Spending all day being party-bused between the three museums — El Museo del Barrio, the Studio Museum in Harlem and the Queens Museum of Art — who are hosting the self-proclaimed landmark exhibition Caribbean: Crossroads of the World, I was repeatedly told by the museum directors, curators and artists just how significant and groundbreaking the exhibition is. However, I left the final museum feeling confused by the jumbled mix of artistic styles and periods shoved together.
Organized thematically with two themes per museum from “Fluid Motions” at the Queens Museum, focusing on the importance of water and coastal areas on the Caribbean’s art and culture, to “Shades of History” at the Studio Museum, studying the impact of race and race relations, the exhibition seemed to fall into the same trap many identity or location-based exhibitions do — by attempting to show every single work that could fit into the exhibition space without a thought to how they might translate to the viewer.
By trying to stick to a strict thematic structure without explanation of individual works of art, I came out of the day long viewing not knowing anything more about Caribbean art, which is unfortunate since my knowledge of the topic is sparse. The museums are also joining together to create a 500-page catalogue, which would reputedly be the first major survey publication on Caribbean art yet, but the book was not available for the opening of the exhibition and there was little to offer insight into the art on display.
Beginning at the El Museo del Barrio, exhibition focused on the effect of the economic development in the Caribbean from the sugar, fruit and tobacco trade and the impact of Creole culture. In both of these thematic rooms, the curators placed historic images next to contemporary art that reflects on the state of the Caribbean today.
While the importance of Caribbean art and its diaspora in art history from Impressionism with Camille Pissarro, who was born in the Caribbean, to Jean-Michel Basquiat, who was of Haitian descent, cannot be denied, I’m not sure that there is a real reason for both these artists to be placed next to each other in an exhibition.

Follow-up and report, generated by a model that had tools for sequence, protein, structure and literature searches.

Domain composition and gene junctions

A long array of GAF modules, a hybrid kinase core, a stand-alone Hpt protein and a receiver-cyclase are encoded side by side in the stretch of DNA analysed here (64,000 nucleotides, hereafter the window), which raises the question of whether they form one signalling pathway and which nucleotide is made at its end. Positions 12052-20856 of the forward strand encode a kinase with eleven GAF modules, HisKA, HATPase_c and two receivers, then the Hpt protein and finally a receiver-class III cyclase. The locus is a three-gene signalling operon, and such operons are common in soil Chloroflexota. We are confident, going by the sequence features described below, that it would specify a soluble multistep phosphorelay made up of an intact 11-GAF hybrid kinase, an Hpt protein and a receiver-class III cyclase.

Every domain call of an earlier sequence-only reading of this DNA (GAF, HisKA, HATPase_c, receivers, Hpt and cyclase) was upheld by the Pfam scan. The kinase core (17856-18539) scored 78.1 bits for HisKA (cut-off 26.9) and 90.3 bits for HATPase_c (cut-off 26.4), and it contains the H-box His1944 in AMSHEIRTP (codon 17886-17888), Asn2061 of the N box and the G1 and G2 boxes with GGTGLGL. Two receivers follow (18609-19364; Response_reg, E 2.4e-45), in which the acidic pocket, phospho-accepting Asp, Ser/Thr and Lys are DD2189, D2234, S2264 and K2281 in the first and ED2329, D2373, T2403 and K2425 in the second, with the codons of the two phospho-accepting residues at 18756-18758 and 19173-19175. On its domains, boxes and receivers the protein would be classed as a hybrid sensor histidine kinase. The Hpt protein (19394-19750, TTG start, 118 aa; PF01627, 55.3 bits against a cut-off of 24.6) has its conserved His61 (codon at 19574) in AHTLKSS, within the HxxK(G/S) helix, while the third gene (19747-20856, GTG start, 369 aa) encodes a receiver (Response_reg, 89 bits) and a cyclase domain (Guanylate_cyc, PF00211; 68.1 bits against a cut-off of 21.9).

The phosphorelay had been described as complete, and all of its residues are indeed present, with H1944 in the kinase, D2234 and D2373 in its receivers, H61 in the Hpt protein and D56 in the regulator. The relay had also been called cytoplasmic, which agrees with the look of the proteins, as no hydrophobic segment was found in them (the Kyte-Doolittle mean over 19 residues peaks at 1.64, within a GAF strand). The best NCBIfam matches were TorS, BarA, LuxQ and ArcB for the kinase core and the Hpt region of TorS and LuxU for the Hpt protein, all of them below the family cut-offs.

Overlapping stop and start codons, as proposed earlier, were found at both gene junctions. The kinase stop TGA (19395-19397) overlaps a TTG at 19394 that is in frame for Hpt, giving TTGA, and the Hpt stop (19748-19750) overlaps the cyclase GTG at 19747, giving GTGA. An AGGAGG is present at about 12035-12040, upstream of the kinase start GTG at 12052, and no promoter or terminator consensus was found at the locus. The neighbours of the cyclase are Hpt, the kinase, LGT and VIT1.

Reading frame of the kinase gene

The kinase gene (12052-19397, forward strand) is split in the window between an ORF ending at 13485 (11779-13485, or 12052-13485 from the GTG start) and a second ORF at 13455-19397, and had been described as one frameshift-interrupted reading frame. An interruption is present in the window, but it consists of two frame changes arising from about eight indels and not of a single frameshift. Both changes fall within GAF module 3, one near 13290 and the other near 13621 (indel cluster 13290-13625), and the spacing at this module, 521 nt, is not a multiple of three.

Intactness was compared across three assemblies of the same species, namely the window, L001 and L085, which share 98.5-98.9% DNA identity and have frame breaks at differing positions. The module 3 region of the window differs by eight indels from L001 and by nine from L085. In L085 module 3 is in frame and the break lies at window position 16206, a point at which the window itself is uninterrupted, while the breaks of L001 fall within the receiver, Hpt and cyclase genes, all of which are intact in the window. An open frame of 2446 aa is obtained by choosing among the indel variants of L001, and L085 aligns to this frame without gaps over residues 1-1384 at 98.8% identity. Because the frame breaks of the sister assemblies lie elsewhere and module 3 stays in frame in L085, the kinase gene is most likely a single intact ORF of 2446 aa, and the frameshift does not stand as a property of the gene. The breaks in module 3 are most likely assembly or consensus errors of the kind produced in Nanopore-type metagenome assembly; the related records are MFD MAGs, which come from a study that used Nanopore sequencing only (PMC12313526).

Similarly at the Studio Museum in Harlem and the Queens Museum of Art, their thematic rooms were overhung, organized salon-style in both museums, making it near impossible to view visually and contextually. The only explanations given were the small wall texts presenting each thematic portion of the exhibition, each individual work remained unexplained. This lack of clear explanation for the general viewer leaves Caribbean: Crossroads of the World best suited for school groups, educational tours and other groups that may have a concise lesson plan related to the show or a tour guide.
Even though I found the exhibitions organization overwhelming, I still found many works that illuminated the state of Caribbean culture and identity today without any need for explanation. I particularly liked Coco Fusco and Paula Heredia’s hysterical film “The Couple in the Cage: Guatinaui Odyssey” (video, 1993) and Fusco’s related etchings The Undiscovered Amerindians (2012). Dressed up as unidentifiable natives in cages placed in art galleries and other locations, Fusco and Heredia played on viewer’s interactions and cultural assumptions of them as savage natives. The etchings show some of the more notable reactions that are documented in the film, including the fact that a viewer offered to pay $10 to feed the artists a banana at the Whitney Museum.
Leaving the press party-bus, which was by the way not much of a party, I felt frustrated that the exhibition revealed little. The curators and directors are clearly proud of bringing together this many works but they forgot to create a clear, understandable way for outsiders to access the presentations. Rather than attempting to create the biggest exhibition on Caribbean art in history, I wish that the curators at all three museums had focused on making an exhibition that could be understood and appreciated by a general audience.